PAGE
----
If you are experiencing any of the symptoms above, you should adjust the exercise or intensity. If one or more symptoms persist, contact your ob-gyn or midwife and they may need to make a referral.

 When to stop exercising and call your ob-gyn or midwife:

  • Vaginal bleeding
  • Vaginal leakage or gushing of fluids
  • Regular, painful contractions
  • Shortness of breath before exertion
  • Dizziness or feeling faint
  • Severe, sudden-onset headache
  • Nausea or vomiting
  • Chest pain
  • Extreme muscle weakness
  • Calf pain or swelling

Always listen to your body and take note how certain things are making you feel. You want the benefits of exercise and a smoother recovery. You do not want to do activities that will worsen conditions or make for a harder postpartum recovery.

Pregnancy Exercise Recommendations

 How much should you be exercising while pregnant? These guidelines don’t differ from those of any healthy adult. The current exercise recommendations for pregnant women from the American College of Sports Medicine (ACSM) are 150 minutes of moderate intensity physical activity. This can be broken down into 30-minutes 5 days per week, although daily movement is encouraged [4].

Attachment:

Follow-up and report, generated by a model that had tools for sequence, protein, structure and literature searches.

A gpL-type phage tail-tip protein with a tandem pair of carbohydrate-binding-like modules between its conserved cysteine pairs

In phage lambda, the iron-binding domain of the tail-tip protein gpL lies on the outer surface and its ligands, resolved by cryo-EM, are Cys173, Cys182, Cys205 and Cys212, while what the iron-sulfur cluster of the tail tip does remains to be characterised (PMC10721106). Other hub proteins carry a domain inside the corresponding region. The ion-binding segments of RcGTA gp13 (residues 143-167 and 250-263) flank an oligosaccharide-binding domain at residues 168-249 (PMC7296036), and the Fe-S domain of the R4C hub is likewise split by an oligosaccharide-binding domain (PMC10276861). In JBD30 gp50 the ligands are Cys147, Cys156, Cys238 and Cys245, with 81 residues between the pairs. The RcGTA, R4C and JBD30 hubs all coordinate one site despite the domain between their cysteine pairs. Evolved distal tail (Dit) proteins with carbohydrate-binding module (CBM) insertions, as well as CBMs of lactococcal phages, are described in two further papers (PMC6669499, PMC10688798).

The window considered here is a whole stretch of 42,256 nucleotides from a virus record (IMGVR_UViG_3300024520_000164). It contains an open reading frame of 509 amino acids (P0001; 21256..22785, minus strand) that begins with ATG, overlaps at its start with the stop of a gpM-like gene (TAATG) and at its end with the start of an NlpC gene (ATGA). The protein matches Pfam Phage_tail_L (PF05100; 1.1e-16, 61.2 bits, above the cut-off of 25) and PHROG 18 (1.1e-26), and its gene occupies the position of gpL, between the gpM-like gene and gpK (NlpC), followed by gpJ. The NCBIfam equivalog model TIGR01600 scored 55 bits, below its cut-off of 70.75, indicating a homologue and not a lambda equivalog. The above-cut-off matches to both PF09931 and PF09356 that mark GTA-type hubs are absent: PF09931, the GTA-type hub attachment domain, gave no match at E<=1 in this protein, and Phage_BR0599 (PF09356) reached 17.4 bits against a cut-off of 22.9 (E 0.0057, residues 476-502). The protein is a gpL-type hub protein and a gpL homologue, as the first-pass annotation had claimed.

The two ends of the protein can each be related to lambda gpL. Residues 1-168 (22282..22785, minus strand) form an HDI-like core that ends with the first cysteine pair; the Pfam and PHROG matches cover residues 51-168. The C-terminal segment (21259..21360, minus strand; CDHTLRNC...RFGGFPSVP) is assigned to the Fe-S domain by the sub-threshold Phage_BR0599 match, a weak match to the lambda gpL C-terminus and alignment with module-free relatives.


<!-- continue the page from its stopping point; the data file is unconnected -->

Pregnancy Exercise Goals

Your number one goal with starting or continuing an exercise program during pregnancy should be to promote a healthy pregnancy for you and baby. A well-rounded prenatal program should also help you achieve:

  1. An increase or maintenance of muscle and strength.

Focusing on the muscles of the upper back, posterior chain (especially glutes and lats), and the core.

  1. A strong pelvic floor that functions properly.

Proper diaphragmatic breathing or connection breath to help promote a well-functioning pelvic floor that fully relaxes and contracts. It is also important to learn how to connect the pelvic floor to exercise to help strengthen and limit pressure on the pelvic floor muscles.